The male “red” finches (purple, Cassin’s and house) are a challenge to my amateur identification skills. The females and juveniles of these species all look so much alike I do not even try to identify them. To me the females are, as my English war bride aunt called them, dickey birds, also known as LBJs (Little Brown Jobs). Recently I photographed a red finch sitting in a willow along the entrance road to Baum Lake (Shasta County CA). Close examination of the photographs lead me to believe it is a purple finch (Haemorhous purpureus).
Male purple finches are not purple, but rather have a rose red body with a brownish back. The lower belly is white with wide, blurry streaks. There are faint pink bands across the wings and the undertail is white without distinct streaking. Females and juveniles are basically brown with coarse white streaking on whitish underparts.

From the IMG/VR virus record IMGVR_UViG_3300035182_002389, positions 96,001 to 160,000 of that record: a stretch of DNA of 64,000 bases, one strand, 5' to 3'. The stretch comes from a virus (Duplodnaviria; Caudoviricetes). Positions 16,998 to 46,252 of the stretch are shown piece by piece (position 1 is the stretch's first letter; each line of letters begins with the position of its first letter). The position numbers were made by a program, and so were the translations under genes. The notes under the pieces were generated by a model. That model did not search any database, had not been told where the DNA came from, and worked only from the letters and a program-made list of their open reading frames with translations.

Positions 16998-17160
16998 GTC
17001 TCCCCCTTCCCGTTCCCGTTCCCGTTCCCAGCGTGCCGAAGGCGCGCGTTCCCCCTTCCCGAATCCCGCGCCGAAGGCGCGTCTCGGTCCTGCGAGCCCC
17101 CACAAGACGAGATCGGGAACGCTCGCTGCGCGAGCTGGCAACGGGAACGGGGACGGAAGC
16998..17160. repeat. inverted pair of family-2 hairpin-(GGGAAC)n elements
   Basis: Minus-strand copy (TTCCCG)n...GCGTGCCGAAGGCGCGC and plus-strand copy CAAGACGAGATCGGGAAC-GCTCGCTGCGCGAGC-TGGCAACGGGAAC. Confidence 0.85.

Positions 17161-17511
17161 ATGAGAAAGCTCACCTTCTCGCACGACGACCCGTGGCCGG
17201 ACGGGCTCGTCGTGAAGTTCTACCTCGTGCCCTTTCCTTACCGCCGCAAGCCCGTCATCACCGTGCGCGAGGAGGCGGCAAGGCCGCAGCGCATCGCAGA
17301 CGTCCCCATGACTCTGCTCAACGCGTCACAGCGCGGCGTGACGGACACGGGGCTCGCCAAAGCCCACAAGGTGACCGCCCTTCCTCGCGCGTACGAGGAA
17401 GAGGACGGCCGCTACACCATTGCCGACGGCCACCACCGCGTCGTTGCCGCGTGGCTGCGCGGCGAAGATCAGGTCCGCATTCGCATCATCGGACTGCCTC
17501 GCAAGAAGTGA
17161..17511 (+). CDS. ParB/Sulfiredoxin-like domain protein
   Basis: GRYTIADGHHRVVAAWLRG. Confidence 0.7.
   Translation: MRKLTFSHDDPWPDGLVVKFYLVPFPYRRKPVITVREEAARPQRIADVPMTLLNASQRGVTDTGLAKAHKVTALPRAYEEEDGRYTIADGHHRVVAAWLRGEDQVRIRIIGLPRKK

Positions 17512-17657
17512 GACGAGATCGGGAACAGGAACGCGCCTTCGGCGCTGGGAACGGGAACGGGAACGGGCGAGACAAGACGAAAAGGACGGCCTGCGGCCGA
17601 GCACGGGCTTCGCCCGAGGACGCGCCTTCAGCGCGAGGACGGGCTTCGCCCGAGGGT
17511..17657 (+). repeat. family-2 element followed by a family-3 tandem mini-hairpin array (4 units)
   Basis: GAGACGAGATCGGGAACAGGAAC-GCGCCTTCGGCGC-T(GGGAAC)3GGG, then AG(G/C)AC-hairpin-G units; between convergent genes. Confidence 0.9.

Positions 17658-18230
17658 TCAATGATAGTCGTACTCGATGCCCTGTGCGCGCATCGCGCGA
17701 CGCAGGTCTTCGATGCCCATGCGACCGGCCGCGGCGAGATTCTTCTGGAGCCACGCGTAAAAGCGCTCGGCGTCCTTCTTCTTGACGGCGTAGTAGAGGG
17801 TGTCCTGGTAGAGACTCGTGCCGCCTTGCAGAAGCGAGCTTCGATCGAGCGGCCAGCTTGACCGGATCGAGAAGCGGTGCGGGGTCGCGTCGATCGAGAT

Purple finches are found in the Northeast, across Canada and the Coastal Pacific. Eastern birds migrate to lower latitudes in the winter while the western populations only retreat to lower elevations. Their diet consists of seeds, buds, berries and insects.
Male purple finches do not acquire their rosy color until the second fall. However as one-year-olds in “female-like” plumage they can sing and can breed.
Carpodacus purpureus is a synonym for the purple finch.